If you can, try to count how many times a day you turn on a tap. As I write this, it’s not even 9am, and I’m already up to seven. I’ve taken a shower, flushed a toilet, washed my hands, made coffee, rinsed my cereal bowl, and gotten a glass of water. Clean, running water is so readily available to us, it’s almost impossible to understand what life is like without clean water access.

But in developing countries, many people still don’t have access to clean water, even today. And it’s more than just an inconvenience: every 90 seconds, a child dies from diseases spread by dirty water. That’s why water is one of our best opportunities to improve children’s lives. Here’s how:

1. Clean water is health.

Without running water, families turn to whatever water sources they can find. Muddy streams, puddles, and contaminated boreholes are all better than no water at all. But at what cost?

When you share a water hole with herds of goats and cattle, there’s no telling what parasites are lurking in your water. The families we serve are susceptible to typhoid, cholera, bilharzia and many other deadly diseases. Most of the kids we serve know someone who has suffered severely, or even died, from these preventable, water-borne illnesses.

Even if your muddy water isn’t hiding deadly parasites, it’s often host to pain-inducing bacteria. In Kenya, they refer to it as “running stomach” and it’s shockingly common: kids frequently get diarrhea from drinking dirty water. Not only is it painful, it can also lead to dehydration and other complications.

Even “fresh” ground water has risks. In Kenya particularly, the natural fluoride content in the ground water is so high that it rots teeth and bones. At small concentrations, fluoride can be helpful, which is why many cities in the U.S. add fluoride to their water. But at higher concentrations it can cause skeletal deformities and rot teeth. In the Rift Valley in Kenya, groundwater contains up to three times the maximum level of fluoride recommended by the World Health Organization.

2. Clean water is time.

Children in developing countries spend hours each day walking to fetch water. They often take four hours – or even more – out of their day, just to be sure there is water at their house.

Fetching water is traditionally a “woman’s job,” so it’s a burden carried (literally) by women and children. They make the long walk to the nearest water source with empty “jerry cans.” These big yellow plastic jugs typically hold 5 gallons of water. Once filled, they weigh about 40 pounds. Children sometimes carry smaller, half-size jerry cans, which are still plenty heavy. The return trip carrying the heavy, full cans always takes longer. Many families live 2 or 3 miles from the nearest water source. And most children make this journey twice a day – once before school, and once after.

Four hours fetching water is time that could be much better spent studying! The daily time cost of collecting water grinds away at a child’s opportunity to succeed both now and in the future.

3. Clean water is financial security.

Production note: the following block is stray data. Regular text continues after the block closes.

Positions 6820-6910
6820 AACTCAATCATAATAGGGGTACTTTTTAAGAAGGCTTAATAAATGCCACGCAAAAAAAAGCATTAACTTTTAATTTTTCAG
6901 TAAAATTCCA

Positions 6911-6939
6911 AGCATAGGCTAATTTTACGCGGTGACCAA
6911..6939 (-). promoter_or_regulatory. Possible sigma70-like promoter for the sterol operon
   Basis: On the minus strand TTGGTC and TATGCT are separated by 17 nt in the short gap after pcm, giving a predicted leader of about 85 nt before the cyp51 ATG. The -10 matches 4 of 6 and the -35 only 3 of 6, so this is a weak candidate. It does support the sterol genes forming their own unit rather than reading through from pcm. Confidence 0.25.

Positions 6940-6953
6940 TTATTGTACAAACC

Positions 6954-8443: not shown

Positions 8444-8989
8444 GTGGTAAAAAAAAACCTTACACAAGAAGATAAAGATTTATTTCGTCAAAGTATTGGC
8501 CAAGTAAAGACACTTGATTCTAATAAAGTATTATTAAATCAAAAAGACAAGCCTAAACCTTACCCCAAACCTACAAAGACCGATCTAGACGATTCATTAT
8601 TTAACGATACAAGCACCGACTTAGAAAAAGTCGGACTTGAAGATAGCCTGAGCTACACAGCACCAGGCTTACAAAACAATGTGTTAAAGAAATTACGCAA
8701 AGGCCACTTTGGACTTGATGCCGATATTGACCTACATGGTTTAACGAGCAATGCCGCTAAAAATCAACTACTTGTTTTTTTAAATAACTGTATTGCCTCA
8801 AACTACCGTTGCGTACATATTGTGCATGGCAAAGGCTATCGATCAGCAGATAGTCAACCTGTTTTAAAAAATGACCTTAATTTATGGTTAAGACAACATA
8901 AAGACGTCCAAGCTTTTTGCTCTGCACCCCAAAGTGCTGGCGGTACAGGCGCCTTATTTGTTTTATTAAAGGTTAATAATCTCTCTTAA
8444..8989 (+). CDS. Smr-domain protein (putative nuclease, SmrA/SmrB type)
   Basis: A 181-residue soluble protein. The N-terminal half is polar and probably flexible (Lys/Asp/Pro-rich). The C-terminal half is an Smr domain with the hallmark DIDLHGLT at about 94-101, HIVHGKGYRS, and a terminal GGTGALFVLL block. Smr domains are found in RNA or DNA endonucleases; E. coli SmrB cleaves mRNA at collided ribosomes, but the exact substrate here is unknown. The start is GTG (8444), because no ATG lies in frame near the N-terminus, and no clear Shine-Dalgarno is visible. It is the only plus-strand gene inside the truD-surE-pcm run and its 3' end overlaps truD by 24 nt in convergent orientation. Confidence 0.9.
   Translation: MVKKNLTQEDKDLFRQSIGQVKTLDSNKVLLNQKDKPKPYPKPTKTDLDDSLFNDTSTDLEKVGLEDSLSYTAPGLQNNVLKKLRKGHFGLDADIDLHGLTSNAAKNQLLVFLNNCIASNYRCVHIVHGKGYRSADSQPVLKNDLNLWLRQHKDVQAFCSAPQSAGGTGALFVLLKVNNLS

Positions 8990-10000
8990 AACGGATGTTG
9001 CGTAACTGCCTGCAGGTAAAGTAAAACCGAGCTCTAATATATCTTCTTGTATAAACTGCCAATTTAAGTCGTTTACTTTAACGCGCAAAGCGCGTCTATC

In many areas, families do have the option of clean water…they just have to pay exorbitant prices for it. Enterprising individuals put locks on borehole pumps, forcing families to pay before they can access the water. Or they truck water in from outside areas, and sell “bottled” water to local residents. Both these options are expensive. And even if you do pay the high cost, there is no guarantee the water is even clean. But in some areas, buying water is still the best option, despite the expense. The crippling costs mean less money for food, school, and rent.

On top of that, dirty water can lead to high medical costs. When a child gets sick from drinking dirty water, parents will do anything to get them the care they need. Often, that means paying medical costs with money that would have gone to putting dinner on the table.

4. Clean water is empowering.

The lack of clean water can be all-consuming. Time, health, and money are all wasted in the search for water. The worry is constant – will this sip be the one that makes me sick? Am I strong enough to carry water home tonight? Do we have enough money to buy water today?

But with consistent access to clean water, all those worries fly away! Now there is time to plan and dream. There is hope that things will improve. There is time and space for kids to just be kids: they can play instead of trudging down a dirt road, carrying heavy water.

Clean water empowers children and families to escape poverty and build a brighter future.

5. Clean water is LIFE.

The benefits of clean water are endless. But even more important is the opportunity to share about Jesus – He is the Water of Life!

All of our clean water projects are coordinated through local churches. Our water tanks are built on church properties. People who’ve never set foot in church before are now coming to church for water. It’s an incredible opportunity for the local congregation to share the good news of Jesus. It’s also a beautiful witness – what better way to share God’s love than by meeting people’s most basic need?


Childcare Worldwide is grateful to partner with generous people all over the world to build a better life for kids in need. If you’re interested in providing clean water for children in need, click here.